— This is the script of CNBC's news report for China's CCTV on July 22, Wednesday.
Welcome to CNBC Business Daily, I'm Qian Chen.
Your nest egg is small. Your retirement income is limited. And you're sitting on a highly appreciated asset-your home.
A reverse mortgage, which lets you convert some of that equity into cash, might just solve the problem.
Depending on your health and financial stability, however, it could also create new ones.
A reverse mortgage enables homeowners of at least 62 years of age to get a lump-sum payment, a stream of payments or a line of credit they can tap based on the amount of equity they have in the property.
The amount someone can borrow depends on the value of the home (up to a maximum of $625,500), their age and prevailing interest rates. The higher the property value, the older the borrower and the lower the interest rate, the more people can borrow.
However, some advisors say they would not recommend such plans to their clients, for a few reasons.
First of all, reverse mortgages are relatively expensive.
A reverse mortgage is limited to lower loan-to-market value ratios (50% to 65%) than traditional mortgages, which can be as high as 100% of market value.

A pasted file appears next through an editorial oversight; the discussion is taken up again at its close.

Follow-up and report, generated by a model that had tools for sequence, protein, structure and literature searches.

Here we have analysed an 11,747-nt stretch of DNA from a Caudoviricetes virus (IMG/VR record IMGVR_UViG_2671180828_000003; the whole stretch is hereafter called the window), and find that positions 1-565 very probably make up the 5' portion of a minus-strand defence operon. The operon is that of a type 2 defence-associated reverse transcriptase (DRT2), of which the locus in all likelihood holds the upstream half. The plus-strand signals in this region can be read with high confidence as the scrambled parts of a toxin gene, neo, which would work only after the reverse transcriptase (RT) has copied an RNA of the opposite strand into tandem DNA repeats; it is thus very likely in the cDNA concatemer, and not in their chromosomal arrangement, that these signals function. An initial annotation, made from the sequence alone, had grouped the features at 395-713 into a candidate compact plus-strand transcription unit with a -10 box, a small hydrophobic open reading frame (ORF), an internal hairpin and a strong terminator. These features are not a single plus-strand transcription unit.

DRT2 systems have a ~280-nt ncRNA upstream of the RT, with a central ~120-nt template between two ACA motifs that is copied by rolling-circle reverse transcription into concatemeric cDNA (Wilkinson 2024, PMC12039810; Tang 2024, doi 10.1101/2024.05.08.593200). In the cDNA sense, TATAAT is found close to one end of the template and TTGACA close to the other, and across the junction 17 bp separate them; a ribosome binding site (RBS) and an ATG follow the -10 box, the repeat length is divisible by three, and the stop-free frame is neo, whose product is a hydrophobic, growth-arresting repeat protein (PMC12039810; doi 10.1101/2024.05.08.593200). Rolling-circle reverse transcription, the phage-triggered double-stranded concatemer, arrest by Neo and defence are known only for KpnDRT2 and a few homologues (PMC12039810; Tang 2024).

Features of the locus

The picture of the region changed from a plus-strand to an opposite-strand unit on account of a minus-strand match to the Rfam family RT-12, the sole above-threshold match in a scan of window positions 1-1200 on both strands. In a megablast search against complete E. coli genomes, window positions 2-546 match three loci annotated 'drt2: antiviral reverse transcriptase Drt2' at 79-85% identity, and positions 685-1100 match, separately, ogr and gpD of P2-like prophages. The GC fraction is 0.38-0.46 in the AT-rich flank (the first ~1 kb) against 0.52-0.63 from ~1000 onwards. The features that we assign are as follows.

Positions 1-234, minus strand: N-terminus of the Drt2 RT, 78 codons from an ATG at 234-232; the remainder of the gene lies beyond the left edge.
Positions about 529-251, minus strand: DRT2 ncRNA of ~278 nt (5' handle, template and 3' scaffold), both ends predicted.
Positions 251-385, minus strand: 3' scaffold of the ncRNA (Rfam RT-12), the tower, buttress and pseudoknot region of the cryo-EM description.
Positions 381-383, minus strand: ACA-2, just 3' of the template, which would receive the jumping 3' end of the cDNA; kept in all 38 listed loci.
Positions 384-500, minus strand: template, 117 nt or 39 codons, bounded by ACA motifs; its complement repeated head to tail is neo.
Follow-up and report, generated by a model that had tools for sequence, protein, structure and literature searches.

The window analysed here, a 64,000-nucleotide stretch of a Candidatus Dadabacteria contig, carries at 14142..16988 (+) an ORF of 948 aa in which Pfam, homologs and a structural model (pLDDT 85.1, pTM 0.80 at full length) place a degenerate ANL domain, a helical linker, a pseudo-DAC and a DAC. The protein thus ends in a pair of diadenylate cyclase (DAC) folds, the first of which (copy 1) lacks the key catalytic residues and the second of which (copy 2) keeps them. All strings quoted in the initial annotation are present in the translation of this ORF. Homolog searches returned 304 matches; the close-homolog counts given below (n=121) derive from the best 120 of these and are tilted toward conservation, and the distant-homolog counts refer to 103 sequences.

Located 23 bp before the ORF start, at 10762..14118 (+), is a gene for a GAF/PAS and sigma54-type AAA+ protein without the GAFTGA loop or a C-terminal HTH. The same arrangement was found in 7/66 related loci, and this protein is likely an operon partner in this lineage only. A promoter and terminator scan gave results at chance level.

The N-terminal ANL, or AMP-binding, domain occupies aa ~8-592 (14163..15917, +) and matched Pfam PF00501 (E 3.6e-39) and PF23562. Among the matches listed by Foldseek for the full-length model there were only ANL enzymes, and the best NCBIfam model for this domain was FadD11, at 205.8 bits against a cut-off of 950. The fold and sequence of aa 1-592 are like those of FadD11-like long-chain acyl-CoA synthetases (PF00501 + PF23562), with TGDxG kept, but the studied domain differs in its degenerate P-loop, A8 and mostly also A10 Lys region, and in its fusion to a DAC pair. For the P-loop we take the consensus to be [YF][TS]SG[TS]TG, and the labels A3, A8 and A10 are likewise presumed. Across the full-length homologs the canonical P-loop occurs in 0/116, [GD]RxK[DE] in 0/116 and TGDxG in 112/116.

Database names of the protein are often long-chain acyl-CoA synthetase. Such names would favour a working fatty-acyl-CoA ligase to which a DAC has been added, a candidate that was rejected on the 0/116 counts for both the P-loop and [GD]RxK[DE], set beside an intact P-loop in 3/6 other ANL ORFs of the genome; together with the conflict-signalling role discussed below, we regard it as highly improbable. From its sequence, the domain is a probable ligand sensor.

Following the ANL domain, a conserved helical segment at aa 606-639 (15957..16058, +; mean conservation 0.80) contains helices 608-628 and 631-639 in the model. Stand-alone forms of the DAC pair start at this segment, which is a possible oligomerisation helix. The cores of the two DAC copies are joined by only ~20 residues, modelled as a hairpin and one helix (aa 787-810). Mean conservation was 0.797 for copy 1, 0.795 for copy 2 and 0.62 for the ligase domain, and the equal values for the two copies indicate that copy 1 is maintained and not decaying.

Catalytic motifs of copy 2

Also, interest rates on a reverse mortgage vary by lender, but are generally higher.
Borrowers must also pay an annual mortgage insurance premium, which adds another 1.25 percent.
Secondly, there are no restrictions on how the funds may be used, and many seniors opt to pay off unexpected medical bills or renovate their home so they can age in place.
Grafton Willey, managing director at CBIZ MHM, said, "I've also seen people outlive their ability to take any more equity out of their home and then they're forced to make tough decisions."
Indeed, cash-strapped seniors who spend all their available equity and later fall behind on property taxes and homeowner's insurance, he said, must sell their home and downsize, go back to work if they're able, or face foreclosure.
For lenders, however, reverse mortgages can be risky as well.
During the 2008 financial crisis, the reverse mortgage marketplace went through a rollercoaster - reverse mortgage loan volume fell dramatically, with major banks becoming unwilling to provide such loans due to overall real estate devaluation.
Although more popular retirement plans, such as 401(k) and retirement insurances, are available in the US, nearly half of Americans are worried about their ability to live comfortably in retirement, according to a survey conducted by the Employee Benefits Research Institute.
Yet not all advisors are down on reverse mortgages. John Salter, a CFP and wealth manager with registered investment advisor Evensky & Katz Wealth Management, thinks that everyone should at least be considering them as part of their retirement planning.
CNBC's Qian Chen, reporting from Singapore.
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